The article says “type 26 could likely fit another two eight tube modules to match F5000”. Hopefully that is true but if not, and actually even if it is, could the T26 RAN variant add even more capability by using the midships VLS silo area, used for 24 x Sea Ceptor in the RN version, to host some ESSM? Those are hot launch rather than cold so not sure if that is a showstopper but dimension wise ESSM isn’t a million miles away from CAMM (3.66m/0.254m length/diameter vs 3.2m/0.166m for CAMM). If, as I really hope, the RN T26 soft launch silos are sized for possible CAMM-ER use in future that reduces the difference between ESSM & CAMM-ER to 3.66m/0.254m vs 4.0m/0.19m so ESSM is actually shorter but a bit fatter than CAMM-ER.

    If it was possible then adding some capability to carry ESSM in a midships silo would take some of the pressure off the forward Mk41 silo if it can’t go bigger than 32 x Mk41 on the RAN T26 and if it could get to 48 x Mk41 to match the F5000 load then adding a midships ESSM silo would actually put RAN T26 into the lead as far as total VLS silo capacity is concerned even if only 16 could be hosted there. If 24 could be hosted that’s effectively adding 6 Mk41 tubes more than the F5000 has.

    It’s interesting to see the comment in this article “(Here we might recall that the RAN had originally wanted a ship with 96 VLS cells.)”. I guess the RAN takes, or at least was taking, a much more US “armed to the teeth” approach that the RN when it comes to this part of the design requirements.

  2. T26 would have stood a far greater such in this and the US navy frigate competition if we hadn’t sat on the design for the past 8 years.

    Much was promised in 2010 about the export prospects of the T26, sadly to date not one of those prospects has materialised into an actual order. Potential customer after potential customer has opted for a future that doesn’t include the T26.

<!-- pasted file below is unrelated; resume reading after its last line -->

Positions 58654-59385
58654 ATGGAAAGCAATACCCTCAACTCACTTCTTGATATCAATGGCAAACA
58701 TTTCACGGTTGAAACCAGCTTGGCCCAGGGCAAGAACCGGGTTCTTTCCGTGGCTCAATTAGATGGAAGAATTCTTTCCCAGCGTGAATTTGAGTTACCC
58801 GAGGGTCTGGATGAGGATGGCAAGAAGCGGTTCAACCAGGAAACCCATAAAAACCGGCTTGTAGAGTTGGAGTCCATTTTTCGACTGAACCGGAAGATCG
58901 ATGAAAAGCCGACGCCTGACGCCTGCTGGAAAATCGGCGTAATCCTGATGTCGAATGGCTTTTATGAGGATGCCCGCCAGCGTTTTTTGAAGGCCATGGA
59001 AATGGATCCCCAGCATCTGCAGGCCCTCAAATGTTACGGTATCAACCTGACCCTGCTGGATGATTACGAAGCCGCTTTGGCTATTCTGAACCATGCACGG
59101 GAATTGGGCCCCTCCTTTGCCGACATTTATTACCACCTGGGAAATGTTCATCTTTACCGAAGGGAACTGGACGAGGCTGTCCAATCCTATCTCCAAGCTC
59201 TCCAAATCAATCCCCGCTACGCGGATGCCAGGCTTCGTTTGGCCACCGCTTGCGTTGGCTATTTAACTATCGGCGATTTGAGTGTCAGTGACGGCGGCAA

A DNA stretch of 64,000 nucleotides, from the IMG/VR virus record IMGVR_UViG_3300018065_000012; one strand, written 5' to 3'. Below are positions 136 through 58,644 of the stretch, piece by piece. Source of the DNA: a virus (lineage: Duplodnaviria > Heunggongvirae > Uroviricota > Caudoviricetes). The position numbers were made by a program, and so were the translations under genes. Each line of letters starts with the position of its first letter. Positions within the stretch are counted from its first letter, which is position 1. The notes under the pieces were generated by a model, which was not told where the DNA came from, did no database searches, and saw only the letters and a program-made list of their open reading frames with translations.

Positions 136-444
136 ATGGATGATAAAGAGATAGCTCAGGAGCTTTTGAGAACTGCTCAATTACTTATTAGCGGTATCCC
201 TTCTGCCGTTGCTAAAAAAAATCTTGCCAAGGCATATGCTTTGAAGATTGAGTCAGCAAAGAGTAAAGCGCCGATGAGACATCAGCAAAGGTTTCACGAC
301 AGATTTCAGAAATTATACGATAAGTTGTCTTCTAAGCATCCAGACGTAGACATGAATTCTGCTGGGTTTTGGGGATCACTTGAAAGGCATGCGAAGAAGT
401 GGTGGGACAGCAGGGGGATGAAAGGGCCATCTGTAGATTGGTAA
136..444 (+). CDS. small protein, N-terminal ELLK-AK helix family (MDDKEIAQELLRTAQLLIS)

The UK should have had a T26 in service by now, if we had the future may have been brighter.

    • Mike,

      I couldn’t agree more… I made the same comment in a previous article….

      The three competitors are all buying up lots of advertising space on the tv channels…. beautiful adverts showing their ships at work, posing in Sydney harbourr, tours for the vip’s….. .Bae’s, funnily enough is all very obviously cgi….

      Such a shame there was so much prevarication over the type 26 project…. if one was in service now, i’m Sure that would tip the scales firmly in Bae’s favour…

  3. On paper the Spanish ship has to be ahead by a country mile. It depends on how seriously the RAAN takes the ASW requirement against its other needs.

    • Sad that a country with such a small population relative to the UK is building a far more capable ASW force than the mother of the RAN…


        • I absolutely do Dave, I would like to see all of the 5 Eyes purchase either the T26 or the T31 for commonality during joint operations which I believe will only increase in the future. I can see the RNZN opting for the T31 as well as Canada (perhaps as part of a high low mix for the RCN).

          The USN should go with the design because high end is what we like and the T26 is nothing if not high end – however the design needs to be up armed for our requirements. BAE is a major U.S. defense contractor so there should be no problems working with them along with their stateside partner.


  4. Best and worst of each competitor.

    T26 BEST modern design optimised for ASW. WORST unproven therefore greater risk.

    FREMM BEST inservice proven and low risk. WORST needs major customisation for RAN

    F5000 BEST established RAN supplier, design based on existing RAN warship. WORST doubts over ASW performance.

    Unknown factor is cost, I don’t have reliable data regarding that issue.

  5. I am quietly hopeful Bae have this in the bag. Australia seem to be uncompromising at the moment and want the best kit available. That is the T26.
    Australia seem set to be more militarily powerful than us soon in many areas outside carrier strike. I didn’t think their economy was big enough to support such a military spend.

    • Don’t forget that they don’t have CASD to fund. Notwithstanding that, they do seem to do a very good job of spending their budget well though.

      • I predict it’s only a matter of time that the RAN will add a cats and trap QE sized (maybe the QE design itself) to the fleet.


    • In 2016 the UK economy ranked 5th in the world ($2.6 trillion USD) or twice Australia’s ($1.3 trillion) at 12th globally just ahead of Russia in 13th spot at ($1.2 trillion).